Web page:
Personality tests for traumatized troops called unnecessary
Last Updated: Wednesday, June 28, 2006 | 2:29 PM ET
Medical staff at Canadian Forces trauma centres are speaking out about controversial new personality tests for soldiers looking for help for stress-related injuries, CBC News has learned.
Under the directive, every Canadian Forces member who seeks treatment for a stress disorder will have to undergo a personality test.
While such tests can be used to screen for psychological disorders, some medical professionals are convinced the military is using them to try to screen out malingerers — a psychiatric term for people who fake their symptoms to get out of working.
Maj. Rakesh Jetly, a psychiatrist in charge of the Canadian Forces trauma centre in Halifax, said the order has divided medical professionals.
"The one camp believes what we're doing is clinical work, just like everybody else in this hospital," said Jetly.
"Another camp is more concerned ... with a forensic or an independent medical exam, insurance-company approach to trauma and post-traumatic stress disorder. I'm not afraid to say I'm part of the first camp."
Military defends tests
Col. Randy Boddam, the director of mental health services for the Canadian Forces, says the tests are not being used to screen out liars.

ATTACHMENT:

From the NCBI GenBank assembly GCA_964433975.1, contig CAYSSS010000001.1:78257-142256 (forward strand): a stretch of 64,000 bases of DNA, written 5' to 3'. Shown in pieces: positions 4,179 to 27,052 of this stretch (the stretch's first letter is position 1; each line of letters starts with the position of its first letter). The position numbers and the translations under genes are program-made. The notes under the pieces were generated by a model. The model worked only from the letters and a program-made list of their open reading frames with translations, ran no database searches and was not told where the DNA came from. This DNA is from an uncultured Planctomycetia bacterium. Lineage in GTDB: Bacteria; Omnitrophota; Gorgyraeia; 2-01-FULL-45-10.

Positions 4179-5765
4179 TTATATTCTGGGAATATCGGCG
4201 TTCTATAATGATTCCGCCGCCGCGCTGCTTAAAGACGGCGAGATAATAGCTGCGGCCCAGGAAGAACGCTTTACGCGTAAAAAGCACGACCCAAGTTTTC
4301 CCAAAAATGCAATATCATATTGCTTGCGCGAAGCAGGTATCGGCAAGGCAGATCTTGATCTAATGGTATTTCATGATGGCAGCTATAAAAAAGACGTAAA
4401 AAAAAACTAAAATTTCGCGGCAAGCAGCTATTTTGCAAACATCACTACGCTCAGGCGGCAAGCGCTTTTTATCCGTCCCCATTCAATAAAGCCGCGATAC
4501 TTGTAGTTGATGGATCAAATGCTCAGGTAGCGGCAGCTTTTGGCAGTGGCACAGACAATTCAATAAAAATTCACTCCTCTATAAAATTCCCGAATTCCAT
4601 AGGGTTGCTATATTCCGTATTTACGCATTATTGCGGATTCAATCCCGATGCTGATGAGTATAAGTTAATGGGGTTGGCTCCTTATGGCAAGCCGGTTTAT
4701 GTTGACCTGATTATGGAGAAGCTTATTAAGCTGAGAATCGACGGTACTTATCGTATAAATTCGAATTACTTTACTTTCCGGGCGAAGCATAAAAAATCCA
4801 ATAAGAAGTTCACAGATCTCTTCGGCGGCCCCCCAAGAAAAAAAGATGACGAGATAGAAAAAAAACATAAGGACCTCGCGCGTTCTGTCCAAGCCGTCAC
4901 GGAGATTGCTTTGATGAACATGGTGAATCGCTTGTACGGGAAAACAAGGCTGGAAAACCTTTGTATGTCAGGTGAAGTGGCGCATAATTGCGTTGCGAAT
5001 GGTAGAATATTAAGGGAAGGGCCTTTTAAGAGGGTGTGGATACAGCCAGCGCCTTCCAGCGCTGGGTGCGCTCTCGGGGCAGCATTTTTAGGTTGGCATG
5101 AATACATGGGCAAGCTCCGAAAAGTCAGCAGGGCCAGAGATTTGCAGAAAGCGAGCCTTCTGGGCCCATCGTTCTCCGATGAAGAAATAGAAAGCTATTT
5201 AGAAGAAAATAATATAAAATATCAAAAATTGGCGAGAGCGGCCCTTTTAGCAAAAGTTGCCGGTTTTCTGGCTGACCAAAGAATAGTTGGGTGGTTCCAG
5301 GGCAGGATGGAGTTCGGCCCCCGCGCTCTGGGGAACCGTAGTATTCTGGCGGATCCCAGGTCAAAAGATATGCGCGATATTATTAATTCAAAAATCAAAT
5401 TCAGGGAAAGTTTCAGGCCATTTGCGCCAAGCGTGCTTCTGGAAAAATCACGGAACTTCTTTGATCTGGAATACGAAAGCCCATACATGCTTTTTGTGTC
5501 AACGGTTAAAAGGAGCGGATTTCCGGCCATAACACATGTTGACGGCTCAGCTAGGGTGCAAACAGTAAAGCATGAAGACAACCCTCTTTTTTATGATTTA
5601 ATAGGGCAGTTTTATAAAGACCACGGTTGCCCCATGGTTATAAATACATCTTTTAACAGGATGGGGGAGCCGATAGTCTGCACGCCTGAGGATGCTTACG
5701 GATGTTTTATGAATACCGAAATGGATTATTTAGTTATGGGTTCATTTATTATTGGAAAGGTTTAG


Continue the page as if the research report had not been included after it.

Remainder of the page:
"From my perspective, malingering is really not an issue," he said. "It's not something that we really pay attention to because our goal is to provide health care."
The tests allow us to understand what the military is doing right and what it needs to do better, he said.
Dr. Kenneth Cooper, who also works at the military trauma centre in Halifax, says he and his colleagues have no choice.
"So we're going to try to live with this," he said. "But at the same time, there's no way we're going to sit around and say we agree with it."
Claims at all-time high
The order comes as disability pensions for military members with stress-related injuries has reached an all-time high. There are more than 8,000 claims, a total that's five times higher than it was in 2001, said CBC News.
Joe Sharpe, a retired general who advises the military ombudsman on post-traumatic stress disorder, says soldiers will fear for their jobs if the results remain on their medical file.
"The level of stigma increases and as the level of stigma increases, the number of people coming forward to get help in time to get help decreases," he said.
There is already a support network of about 2,000 soldiers looking for help for psychological injuries. The 30 groups that make up the Operational Stress Injury Social Support (OSISS) program meet in secret locations across the country.
Members said they can't risk being seen together in public because the stigma within the military against psychological injuries is still too great.